Thursday, February 20, 2020

What Is "Democratic Socialism"?

Probably the best answer is whatever Bernie Sanders says it is as he is by far the most famous person ever to adopt this term as a label for his beliefs.  There is a group  in the US baring that name, the Democratic Socialists of America (DSA), which has been in existence since 1983.  But while its membership ha since then generally fluctuated between 4,000 and a bit over 6,000 through 2016, its membership had surged to over 45,000 by 2019, clearly responding to Bernie's identification with the term, even though as near as I can tell, he has not been a member of the DSA.

If one goes to the Wikipedia entry  on "democratic socialism," one finds claims that it originated with the utopian socialists and chartists in the early and mid-1800s.  Certainly many of these groups supported democracy and also some sort of socialism.  For that matter, Karl Marx also in many writings supported democracy and socialism, although in other places Marx sneered at what he called "bourgeois democracy," and we know many regimes claiming to be inspired by Marx have not been democratic, unless one wants to call Leninist "democratic centralism" to be democratic, something most of us would not go along with, and current DSA types would not go along with.

The Wikipedia entry also includes the British Labour Party from its origins and also various social democratic parties, although many "democratic socialists" like to argue that "democratic socialism" is not the same thing as "social democracy," even though many self-identified democratic socialists, including Bernie, point to social democratic nations like Denmark as role models when asked what they are talking about.  Of course self-identified "social democracy" has been around since the late 1800s in Germany with the still-existing German Social Democratic Party, although its ideology has changed over time.  It officially linked itself to Marx as recently 1959, even though the Wikipedia entry on democratic socialism includes the "revisionism" of Eduard Bernstein around 1900 in the German Social Democratic Party as another example of democratic socialism.

A more recent example according to Wikipedia is the UK Labour government under Clement Atlee in the late 1940s when nationalized several major corporations and established still-existing socialized medicine, even as Margaret Thatcher re-privatized most of those companies Atlee nationalized.   However, the Atlee Labour Party never used this term to describe itself, and neither did any of these other earlier groups or individuals mentioned in the Wikipedia entry, although it looks that Jeremy Corbyn  has adopted the term and connected his views with those of Atlee.

So when did the term actually first appear?  As near as I can tell it would seem to be shortly after 1970, and it would seem that is when Bernie Sanders took it on as his view.  Wikipedia identifies Michael Harrington as its main developer, especially in 1973 when he was the main organizer of the Democratic Socialist Organizing Committee (DSOC) as a section of the Socialist Party of America (its earlier leaders such as Eugene V. Debs and Norman Thomas also show up in Wikipedia entry, although they never used the term, as near as I can tell).  When the modern DSA formed 10 years later, it came out of a union between Harrington's DSOC with about 1000 people out of the New American Movement, with Harrington being the most prominent person involved with this.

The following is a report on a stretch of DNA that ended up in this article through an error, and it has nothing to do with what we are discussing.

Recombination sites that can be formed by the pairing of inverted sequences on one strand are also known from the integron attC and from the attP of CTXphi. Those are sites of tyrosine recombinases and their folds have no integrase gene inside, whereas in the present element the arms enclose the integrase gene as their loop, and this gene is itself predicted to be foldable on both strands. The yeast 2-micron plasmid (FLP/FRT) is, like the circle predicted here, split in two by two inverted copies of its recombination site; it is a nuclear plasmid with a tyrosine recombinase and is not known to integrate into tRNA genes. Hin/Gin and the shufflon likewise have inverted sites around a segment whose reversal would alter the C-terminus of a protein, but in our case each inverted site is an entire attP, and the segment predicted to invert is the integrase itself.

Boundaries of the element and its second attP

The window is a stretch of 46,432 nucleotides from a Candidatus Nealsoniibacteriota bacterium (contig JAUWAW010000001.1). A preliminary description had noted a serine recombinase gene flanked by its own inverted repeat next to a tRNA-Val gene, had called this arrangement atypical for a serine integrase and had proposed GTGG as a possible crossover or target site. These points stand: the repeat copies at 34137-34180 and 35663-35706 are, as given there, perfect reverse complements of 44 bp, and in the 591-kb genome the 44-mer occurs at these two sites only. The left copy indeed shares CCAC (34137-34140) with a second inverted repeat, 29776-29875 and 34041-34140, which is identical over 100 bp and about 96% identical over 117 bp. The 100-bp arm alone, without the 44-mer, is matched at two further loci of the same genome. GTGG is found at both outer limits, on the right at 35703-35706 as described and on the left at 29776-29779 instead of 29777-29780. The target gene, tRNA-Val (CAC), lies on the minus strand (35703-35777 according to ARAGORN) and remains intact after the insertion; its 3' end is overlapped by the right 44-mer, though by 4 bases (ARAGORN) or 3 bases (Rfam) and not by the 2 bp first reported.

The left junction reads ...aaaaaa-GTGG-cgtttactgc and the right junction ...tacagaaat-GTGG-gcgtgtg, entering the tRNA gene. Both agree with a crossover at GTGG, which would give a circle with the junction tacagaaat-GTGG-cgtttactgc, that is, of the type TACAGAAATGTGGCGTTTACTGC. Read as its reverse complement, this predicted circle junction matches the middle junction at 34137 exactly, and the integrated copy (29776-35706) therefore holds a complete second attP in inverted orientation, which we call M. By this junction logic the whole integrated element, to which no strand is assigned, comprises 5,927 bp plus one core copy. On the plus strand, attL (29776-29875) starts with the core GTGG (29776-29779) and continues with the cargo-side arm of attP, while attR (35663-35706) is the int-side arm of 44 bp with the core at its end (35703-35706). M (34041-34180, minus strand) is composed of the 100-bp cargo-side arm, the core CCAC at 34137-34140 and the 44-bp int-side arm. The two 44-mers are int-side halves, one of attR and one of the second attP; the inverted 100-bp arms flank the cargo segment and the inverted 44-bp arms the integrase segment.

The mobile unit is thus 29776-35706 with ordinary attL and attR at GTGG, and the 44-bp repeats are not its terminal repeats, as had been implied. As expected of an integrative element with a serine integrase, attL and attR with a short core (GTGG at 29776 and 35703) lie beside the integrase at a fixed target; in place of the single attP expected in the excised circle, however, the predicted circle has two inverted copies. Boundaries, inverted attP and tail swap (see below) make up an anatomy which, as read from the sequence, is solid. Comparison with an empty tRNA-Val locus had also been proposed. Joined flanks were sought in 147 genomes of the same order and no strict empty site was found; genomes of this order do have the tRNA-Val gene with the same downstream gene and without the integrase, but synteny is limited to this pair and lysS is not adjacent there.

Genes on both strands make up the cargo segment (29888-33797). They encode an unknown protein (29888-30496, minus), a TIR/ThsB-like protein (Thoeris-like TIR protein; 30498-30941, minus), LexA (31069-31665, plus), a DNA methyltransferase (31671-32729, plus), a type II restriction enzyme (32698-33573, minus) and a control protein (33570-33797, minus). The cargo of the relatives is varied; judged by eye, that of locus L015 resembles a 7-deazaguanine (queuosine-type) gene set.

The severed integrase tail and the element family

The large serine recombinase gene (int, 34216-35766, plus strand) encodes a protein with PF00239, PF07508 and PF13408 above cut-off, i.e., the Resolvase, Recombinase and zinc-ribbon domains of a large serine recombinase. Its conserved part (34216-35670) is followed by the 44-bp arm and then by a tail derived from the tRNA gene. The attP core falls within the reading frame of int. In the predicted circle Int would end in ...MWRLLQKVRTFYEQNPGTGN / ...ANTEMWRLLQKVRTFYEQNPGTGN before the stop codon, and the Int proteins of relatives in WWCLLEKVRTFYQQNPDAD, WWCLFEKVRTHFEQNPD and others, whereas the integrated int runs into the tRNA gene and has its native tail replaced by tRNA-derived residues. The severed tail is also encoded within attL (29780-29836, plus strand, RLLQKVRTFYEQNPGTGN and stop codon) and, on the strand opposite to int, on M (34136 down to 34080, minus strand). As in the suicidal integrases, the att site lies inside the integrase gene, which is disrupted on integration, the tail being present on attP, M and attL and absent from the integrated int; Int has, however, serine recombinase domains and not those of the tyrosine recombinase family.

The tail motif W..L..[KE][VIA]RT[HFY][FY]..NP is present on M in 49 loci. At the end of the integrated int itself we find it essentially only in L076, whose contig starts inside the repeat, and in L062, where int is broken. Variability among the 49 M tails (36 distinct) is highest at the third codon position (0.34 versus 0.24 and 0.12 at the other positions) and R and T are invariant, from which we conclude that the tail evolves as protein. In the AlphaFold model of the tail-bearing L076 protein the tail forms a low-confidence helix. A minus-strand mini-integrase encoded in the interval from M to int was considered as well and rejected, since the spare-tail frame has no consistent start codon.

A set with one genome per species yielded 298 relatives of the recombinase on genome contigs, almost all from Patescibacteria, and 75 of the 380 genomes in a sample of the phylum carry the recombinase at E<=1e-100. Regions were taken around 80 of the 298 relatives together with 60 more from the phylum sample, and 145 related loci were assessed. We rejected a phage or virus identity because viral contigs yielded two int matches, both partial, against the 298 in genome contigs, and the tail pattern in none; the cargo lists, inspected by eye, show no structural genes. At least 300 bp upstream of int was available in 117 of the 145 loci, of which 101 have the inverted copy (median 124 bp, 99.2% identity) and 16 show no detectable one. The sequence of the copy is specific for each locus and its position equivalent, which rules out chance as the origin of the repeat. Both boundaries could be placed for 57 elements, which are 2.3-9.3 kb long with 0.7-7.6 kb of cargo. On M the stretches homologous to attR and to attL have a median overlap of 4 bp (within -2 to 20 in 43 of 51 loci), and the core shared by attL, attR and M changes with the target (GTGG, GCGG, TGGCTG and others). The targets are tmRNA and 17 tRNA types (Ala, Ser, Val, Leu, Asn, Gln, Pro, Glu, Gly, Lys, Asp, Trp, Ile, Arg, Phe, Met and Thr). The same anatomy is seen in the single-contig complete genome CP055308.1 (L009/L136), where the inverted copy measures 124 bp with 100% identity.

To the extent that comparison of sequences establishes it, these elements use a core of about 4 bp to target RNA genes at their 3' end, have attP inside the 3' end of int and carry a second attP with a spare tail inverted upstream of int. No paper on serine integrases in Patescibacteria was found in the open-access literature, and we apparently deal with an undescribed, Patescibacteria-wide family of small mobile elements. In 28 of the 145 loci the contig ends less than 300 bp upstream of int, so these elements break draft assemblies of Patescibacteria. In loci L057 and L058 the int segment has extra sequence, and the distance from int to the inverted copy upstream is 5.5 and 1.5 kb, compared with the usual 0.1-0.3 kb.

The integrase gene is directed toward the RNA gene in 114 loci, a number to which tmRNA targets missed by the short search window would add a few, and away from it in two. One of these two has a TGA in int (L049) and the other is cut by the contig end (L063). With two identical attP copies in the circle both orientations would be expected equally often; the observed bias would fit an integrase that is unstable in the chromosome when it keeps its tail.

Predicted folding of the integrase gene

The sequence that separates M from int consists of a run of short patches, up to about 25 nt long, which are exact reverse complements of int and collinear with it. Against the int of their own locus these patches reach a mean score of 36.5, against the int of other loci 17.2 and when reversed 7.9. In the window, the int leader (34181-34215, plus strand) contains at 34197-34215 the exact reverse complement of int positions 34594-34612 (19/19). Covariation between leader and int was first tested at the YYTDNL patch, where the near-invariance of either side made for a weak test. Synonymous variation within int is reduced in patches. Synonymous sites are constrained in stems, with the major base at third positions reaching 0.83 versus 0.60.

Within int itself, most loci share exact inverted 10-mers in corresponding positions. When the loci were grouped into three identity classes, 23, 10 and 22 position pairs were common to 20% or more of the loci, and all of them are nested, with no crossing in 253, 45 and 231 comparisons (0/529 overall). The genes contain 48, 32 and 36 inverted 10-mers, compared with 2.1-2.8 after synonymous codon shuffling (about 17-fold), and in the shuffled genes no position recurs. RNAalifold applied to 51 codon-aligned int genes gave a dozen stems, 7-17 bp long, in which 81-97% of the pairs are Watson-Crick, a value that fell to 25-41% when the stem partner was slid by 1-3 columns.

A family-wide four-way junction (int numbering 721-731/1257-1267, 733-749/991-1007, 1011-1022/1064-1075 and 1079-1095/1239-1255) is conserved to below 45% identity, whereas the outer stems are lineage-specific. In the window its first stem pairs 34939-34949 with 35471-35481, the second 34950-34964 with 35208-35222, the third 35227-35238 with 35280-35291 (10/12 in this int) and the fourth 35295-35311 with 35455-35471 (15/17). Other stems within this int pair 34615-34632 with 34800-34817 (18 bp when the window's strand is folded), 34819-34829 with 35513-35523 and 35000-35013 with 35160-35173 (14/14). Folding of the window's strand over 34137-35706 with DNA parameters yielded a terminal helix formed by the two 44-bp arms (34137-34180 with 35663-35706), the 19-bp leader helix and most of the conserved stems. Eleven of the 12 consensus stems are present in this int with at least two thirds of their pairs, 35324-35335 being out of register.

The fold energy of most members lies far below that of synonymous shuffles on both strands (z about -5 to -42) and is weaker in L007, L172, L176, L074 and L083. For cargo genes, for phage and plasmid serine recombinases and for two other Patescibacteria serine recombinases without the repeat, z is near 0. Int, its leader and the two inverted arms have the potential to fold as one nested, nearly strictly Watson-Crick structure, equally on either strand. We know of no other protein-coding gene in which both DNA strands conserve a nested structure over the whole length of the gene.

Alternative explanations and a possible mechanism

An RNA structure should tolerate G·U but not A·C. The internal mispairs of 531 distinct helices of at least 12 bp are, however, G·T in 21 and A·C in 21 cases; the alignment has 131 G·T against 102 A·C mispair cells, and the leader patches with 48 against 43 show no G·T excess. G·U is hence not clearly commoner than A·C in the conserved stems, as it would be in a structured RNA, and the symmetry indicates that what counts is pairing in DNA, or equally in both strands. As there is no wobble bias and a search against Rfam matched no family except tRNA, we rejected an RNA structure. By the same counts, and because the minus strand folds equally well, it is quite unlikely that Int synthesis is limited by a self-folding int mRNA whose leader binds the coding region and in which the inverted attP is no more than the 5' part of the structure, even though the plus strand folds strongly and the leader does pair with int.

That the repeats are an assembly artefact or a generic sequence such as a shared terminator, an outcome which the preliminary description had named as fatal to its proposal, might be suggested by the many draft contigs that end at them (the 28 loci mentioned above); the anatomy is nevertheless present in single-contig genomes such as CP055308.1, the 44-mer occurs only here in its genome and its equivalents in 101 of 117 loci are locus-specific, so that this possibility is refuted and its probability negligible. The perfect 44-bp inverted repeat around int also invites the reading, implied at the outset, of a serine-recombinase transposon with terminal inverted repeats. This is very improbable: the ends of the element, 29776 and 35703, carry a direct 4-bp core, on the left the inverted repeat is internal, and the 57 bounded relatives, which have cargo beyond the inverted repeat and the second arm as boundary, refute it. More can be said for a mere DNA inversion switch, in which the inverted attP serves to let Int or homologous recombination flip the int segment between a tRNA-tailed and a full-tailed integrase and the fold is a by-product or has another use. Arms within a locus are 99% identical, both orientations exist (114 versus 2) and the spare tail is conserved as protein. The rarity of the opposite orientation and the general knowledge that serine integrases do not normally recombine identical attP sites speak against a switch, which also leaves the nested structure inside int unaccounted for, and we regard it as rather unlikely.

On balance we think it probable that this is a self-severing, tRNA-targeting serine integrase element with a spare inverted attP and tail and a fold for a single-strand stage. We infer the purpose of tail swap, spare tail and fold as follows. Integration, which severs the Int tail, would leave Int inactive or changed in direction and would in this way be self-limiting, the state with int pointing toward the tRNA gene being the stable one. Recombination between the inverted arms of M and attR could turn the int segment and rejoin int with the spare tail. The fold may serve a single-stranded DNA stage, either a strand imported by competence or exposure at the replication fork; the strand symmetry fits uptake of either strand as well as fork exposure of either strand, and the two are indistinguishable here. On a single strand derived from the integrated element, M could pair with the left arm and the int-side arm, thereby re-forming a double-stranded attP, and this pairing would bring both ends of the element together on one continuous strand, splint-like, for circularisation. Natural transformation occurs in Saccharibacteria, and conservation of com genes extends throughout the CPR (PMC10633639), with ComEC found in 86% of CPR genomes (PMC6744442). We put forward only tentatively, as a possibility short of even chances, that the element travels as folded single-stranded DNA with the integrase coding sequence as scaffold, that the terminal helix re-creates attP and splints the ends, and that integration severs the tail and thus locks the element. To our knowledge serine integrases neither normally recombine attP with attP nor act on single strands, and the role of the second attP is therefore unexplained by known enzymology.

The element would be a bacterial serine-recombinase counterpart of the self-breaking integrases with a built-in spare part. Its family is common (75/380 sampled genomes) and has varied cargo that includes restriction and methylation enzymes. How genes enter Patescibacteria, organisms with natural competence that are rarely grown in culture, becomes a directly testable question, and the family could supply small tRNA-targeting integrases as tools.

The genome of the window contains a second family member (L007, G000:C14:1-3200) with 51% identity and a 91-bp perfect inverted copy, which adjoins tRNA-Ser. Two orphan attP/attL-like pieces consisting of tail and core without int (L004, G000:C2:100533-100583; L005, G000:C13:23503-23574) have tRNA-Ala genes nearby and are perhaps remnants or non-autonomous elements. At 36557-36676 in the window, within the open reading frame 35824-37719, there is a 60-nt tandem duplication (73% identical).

However it looks like the term appeared slightly earlier, in 1971. This was with the formation of the Liberty Union Party of Vermont, which also still exists. It has described itself as being "democratic socialist" from the beginning, and Bernie joined it back then and ran as its candidate for several office, including governor in Vermont in the 1970s, even though he left the party in 1977.  But it would seem that he has identified himself with this term since then, which may make him even more of a founder of it than the late Michael Harrington, who died in 1989.

So, with all this history this still brings us back to "what is it" besides whatever Bernie Sanders says it is?  The DSA website offers a variety of possible meanings, although all of them involve political democracy, although some also call for "workplace democracy."

Clearly the murky part is the "socialist" part.  Again, some are fine identifying it with social democracy, which does not call for nationalizing means of production, the classic definition of "socialism" from Marx and Engels, nor any imposition of planning or commands, but rather a large welfare state, along with liberal views on social issues. But the core part of the DSA website calls for "social ownership" of the means of production.  But this apparently can mean either public ownership as in classical socialism or workers ownership and management as with cooperatives, or even possibly ownership by consumers.  There is also a call for "decentralized planning" with this to be done democratically, but ultimately probably operating within a largely market economy.

If the Green New Deal is an example, there is less emphasis on nationalizing means of production, but more use of command elements in the economy, along with a large expansion of the social safety net.  The use of command elements are linked to the environment and climate change, with invocations of how the US economy was run during WW II, which was indeed a temporary command capitalist economy.  Ironically, although it is not widely recognized, large parts of current US environmental policy actually do follow command policies, especially in the form of strict quantity controls on pollution emissions rather than taxes or cap and trade.

Anyway, while the term is now very popular, it is really quite recent in usage and also pretty broad in what it actually means, a concept still in development.